From the legendary Clos Fourtet winery, this Saint-Émilion rouge has all the depth and concentration you would expect from such an esteemed Bordeaux name. The Premier Grand Cru Classé Clos Fourtet holdings have been the site of wine production since the middle-ages, Now under the guardianship of Philippe Cuvelier, the wine continues to delight.
Traditional winemaking techniques make for an elegant style that sings with minerality and its impressive terroir. The vines are located in a single block, close to the medieval village, and grow atop a limestone plateau. Fresh, yet simultaneously deep and seductive, this will please for many decades.
93-95/100 Andrew Caillard MW. Medium deep colour. Fragrant red cherry/ prune/ dark chocolate aromas. Rich voluminous palate with deepset smooth dark berry/ dark chocolate/ liquorice flavours and chalky dry plentiful tannins. Finishes long and sweet. Very nice.
91-94/100 Robert Parker Jr. Two consulting oenologists with different philosophies work together at Clos Fourtet. Since Stephane Derenoncourt, a late harvester, and Jean-Claude Barrouet, a much earlier harvester, have joined forces, the results have been exhilarating. This 50-acre vineyard high on the plateau, owned by the Cuvelier family and managed by Tony Balu, had yields of 33 hectoliters per hectare. The 2011, one of the stars of the vintage, is a blend of 85% Merlot, 10% Cabernet Sauvignon and 5% Cabernet Franc. Its opaque purple color is accompanied by notes of graphite, truffles, blackberries and blueberries. Rich and medium to full-bodied with good acidity, sweet, well-integrated tannin and a hint of forest floor, this big, fleshy St.-Emilion should drink well for two decades.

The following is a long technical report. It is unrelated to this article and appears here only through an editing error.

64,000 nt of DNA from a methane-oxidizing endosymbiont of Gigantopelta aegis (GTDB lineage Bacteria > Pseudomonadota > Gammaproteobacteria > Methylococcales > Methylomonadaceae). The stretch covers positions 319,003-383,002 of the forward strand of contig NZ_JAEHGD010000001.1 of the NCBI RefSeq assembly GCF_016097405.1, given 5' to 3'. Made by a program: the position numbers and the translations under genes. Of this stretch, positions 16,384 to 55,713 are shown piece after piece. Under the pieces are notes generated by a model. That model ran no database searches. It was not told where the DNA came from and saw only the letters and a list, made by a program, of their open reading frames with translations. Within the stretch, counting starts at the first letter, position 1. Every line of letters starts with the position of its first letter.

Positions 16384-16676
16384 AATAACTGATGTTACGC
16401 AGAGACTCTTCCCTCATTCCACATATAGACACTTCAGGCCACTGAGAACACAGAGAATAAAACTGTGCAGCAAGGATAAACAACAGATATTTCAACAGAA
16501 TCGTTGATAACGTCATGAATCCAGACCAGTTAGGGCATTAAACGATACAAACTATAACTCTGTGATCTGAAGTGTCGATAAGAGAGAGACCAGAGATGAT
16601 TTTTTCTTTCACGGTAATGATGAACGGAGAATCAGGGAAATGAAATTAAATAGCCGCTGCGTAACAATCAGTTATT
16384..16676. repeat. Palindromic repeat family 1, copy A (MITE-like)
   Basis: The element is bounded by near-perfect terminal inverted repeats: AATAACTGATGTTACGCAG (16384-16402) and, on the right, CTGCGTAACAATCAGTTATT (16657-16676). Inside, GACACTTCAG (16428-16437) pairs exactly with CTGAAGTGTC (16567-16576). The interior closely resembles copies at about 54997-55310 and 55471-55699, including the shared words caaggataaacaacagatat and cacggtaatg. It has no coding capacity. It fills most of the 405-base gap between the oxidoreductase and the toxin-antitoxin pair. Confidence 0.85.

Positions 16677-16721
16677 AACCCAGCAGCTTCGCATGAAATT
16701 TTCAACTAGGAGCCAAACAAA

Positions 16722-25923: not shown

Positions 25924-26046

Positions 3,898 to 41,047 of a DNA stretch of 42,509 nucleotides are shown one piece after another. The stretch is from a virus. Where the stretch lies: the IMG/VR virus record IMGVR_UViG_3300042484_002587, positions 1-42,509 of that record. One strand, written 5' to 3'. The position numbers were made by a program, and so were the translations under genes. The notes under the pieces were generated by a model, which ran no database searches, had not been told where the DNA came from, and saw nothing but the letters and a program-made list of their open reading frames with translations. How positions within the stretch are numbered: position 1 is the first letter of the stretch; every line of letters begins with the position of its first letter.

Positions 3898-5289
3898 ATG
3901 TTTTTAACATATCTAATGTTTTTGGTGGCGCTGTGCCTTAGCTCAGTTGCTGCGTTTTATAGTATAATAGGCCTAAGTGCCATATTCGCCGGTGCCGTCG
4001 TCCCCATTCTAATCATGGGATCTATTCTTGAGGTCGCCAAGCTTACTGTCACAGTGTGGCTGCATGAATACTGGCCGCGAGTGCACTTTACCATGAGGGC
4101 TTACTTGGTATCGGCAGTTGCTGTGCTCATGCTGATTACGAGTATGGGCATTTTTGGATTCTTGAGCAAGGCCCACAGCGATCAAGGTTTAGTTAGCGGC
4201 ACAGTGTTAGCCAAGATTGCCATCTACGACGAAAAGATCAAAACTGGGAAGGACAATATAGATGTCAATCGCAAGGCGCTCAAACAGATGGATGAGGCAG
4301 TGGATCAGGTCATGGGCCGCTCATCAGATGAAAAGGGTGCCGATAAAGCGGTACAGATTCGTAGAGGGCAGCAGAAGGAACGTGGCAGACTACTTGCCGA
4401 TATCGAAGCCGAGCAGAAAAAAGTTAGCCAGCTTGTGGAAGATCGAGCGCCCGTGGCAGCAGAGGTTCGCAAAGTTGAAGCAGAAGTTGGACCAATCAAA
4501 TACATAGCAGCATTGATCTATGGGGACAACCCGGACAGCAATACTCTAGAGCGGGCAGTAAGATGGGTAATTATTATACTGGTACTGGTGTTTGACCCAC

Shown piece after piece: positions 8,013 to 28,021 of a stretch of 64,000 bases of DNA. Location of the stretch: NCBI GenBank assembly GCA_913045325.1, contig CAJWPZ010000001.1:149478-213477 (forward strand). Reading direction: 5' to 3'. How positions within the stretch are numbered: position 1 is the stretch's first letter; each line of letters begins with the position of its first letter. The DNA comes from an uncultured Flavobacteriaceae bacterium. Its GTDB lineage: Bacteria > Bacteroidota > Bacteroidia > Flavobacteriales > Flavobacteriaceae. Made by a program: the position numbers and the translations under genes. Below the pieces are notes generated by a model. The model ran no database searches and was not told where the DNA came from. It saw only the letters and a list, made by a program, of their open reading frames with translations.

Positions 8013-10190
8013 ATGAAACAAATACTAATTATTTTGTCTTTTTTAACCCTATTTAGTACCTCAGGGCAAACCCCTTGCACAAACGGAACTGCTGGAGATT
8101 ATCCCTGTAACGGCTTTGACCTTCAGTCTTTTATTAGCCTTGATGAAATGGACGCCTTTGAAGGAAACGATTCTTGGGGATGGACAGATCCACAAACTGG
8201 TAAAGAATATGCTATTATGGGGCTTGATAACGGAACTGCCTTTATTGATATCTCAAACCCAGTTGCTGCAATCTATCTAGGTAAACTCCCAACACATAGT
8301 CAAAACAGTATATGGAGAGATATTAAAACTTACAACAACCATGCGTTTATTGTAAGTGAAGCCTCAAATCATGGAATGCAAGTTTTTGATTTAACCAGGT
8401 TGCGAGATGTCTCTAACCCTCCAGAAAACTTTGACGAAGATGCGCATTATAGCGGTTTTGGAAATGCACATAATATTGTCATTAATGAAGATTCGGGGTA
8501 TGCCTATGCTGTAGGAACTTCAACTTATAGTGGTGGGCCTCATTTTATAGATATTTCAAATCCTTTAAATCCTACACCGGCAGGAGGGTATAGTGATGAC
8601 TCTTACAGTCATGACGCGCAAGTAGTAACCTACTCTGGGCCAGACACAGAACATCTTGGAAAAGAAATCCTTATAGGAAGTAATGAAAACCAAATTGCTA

St.-Émilion is the star of Bordeaux’s Right Bank, north of the Dordogne River. The rich red wines produced in St.-Émilion, based on Merlot and Cabernet Franc, are less tannic and generally more fruit-driven in flavour than the Cabernet-based wines of Left Bank. Merlot thrives on the plateaus high above the Dordogne, where the soil is filled with sand and clay, a perfect medium for creating opulent, fruit-forward wines. With a typically savoury character, St.-Émilion wines are sometimes called the “Burgundies of Bordeaux.” These refined reds, with loads of finesse, are elegant companions to beef, chicken, pork and duck.
The wines of St.-Émilion were not included in the famous 1855 classification of Bordeaux, which ranked wines of the Left Bank. In 1955, St.-Émilion published its own classification, based on soil analysis, wine quality and reputation of the properties. Unlike the 1855 classification, St.-Emilion’s system requires properties to continuously prove themselves. The list is revised regularly, most recently in 2012. There are two tiers within the classification, Premier Grand Cru Classé and Grand Cru Classé. There are currently just 18 Premier Grand Cru properties and 64 Grand Cru Classé properties.
The St.-Émilion appellation is home to hundreds of individual producers, enhancing the variety of wines made there. Many of the properties remain small, family-run enterprises, unlike the large châteaux of the Left Bank. The area is also the base of France’s controversial micro-châteaux or garagiste wine movement; these innovative winemakers operate outside the traditional classification system, making very high quality (and very expensive) highly extracted wines.